New York Times slideshow: A Deadly Search

iraq.jpg[UPDATE: Fixed the broken links]

This morning, I ran across an incredible New York Times audio slideshow about two journalists who were on patrol with a group of U.S. soldiers in Iraq when a bomb exploded, killing one soldier and injuring several others. The journalists narrowly escaped being injured as well.

Amid all the political chatter about the war, pieces like these cut through the fog and show us firsthand what soldiers are experiencing in Iraq. Go take a look.

Author: Danny Sanchez

Danny Sanchez is the Audience Development Manager at Tribune's and Danny has been with Tribune since 2005 in a variety of editorial, digital and product development roles in Hartford, Orlando and Fort Lauderdale. He has also previously worked in the newsrooms of the Tampa Bay Times and The Miami Herald.

7 thoughts on “New York Times slideshow: A Deadly Search”

  1. Omigod, this is AWESOME. Thanks for posting, Danny. The photojournalist was gathering audio the whole time? Seems that way. The sense of “being there” is very strong here.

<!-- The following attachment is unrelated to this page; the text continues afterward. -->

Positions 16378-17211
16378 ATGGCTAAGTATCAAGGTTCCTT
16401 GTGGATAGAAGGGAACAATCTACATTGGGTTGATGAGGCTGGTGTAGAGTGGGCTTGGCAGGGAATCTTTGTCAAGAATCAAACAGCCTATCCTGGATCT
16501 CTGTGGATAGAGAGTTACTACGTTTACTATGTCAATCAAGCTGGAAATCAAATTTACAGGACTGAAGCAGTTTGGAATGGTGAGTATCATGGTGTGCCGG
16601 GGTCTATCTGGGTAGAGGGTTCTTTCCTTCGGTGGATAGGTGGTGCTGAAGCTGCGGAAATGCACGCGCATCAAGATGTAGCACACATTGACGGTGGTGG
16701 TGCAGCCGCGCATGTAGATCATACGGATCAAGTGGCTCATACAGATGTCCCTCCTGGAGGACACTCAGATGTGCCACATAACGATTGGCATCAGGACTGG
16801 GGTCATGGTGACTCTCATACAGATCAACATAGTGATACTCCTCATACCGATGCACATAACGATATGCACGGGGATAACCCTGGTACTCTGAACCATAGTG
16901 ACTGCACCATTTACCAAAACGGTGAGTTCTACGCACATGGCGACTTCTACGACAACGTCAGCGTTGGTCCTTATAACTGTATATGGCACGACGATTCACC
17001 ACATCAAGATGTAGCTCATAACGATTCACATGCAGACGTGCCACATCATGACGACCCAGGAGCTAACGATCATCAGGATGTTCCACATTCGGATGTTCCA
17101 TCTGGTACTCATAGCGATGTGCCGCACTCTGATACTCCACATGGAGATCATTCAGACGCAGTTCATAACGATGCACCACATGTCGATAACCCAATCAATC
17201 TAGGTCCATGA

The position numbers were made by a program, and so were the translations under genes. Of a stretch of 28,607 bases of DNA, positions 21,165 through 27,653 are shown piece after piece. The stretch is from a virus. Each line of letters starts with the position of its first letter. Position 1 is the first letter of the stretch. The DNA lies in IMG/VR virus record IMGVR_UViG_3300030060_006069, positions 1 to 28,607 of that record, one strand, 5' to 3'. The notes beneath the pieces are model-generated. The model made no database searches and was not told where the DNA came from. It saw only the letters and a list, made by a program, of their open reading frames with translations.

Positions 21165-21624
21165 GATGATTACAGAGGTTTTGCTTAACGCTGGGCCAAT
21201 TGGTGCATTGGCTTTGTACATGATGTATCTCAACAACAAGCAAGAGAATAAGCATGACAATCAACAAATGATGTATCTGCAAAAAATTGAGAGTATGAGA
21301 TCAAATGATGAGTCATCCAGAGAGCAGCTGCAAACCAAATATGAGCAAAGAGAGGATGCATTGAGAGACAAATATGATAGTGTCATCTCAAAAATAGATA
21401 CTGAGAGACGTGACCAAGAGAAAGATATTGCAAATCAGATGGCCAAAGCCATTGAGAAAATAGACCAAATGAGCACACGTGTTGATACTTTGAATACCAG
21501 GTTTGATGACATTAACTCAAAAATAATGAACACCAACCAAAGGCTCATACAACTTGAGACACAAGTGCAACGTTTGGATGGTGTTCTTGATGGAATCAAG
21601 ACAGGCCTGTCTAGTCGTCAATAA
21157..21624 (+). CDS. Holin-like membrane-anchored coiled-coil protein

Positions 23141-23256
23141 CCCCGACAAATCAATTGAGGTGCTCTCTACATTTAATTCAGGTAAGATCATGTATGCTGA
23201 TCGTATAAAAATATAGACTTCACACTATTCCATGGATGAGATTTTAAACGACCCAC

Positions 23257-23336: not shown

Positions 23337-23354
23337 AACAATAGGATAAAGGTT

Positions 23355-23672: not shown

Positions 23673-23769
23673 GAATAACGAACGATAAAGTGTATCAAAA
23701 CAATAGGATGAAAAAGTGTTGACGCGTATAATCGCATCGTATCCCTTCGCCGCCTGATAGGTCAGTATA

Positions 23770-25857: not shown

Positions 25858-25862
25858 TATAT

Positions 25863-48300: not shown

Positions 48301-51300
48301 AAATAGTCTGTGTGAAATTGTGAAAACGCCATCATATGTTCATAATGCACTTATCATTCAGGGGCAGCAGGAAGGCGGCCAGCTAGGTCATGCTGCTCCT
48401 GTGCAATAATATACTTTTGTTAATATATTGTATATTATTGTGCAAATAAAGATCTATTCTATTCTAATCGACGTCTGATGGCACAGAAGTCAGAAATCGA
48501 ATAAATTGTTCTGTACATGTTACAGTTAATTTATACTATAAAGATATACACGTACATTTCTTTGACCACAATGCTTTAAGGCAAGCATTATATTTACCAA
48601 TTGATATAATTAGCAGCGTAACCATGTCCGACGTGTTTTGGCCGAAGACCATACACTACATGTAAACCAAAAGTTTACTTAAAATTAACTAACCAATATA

2. Seems like the photographer had the presence of mind to hit the record button on his audio device while all this was happening. That’s smart thinking under pressure.

    The piece was just incredible. It’s had me thinking all day about my two buddies who are over in Iraq now.

  3. I agree it’s an awesome slideshow. The reporter was in the right place at right time. I didn’t even mind that it was six minutes long. I was engrossed the entire time.

    I noticed the natural sound too, very quiet in the background. I really wanted to hear it more dominantly. As we barely hear that sound, the voiceover tells us what they were saying. I would much rather just hear it for myself! I wanted the voiceover to just shut up for a minute so I could hear it.

  4. I thought the same thing — I wished the narration would pause and allow the volume to increase on the location sound. It was too quiet at some places.

  5. That video was great. It really makes you think about what those soldiers are facing every day and what courage they have to be out there.

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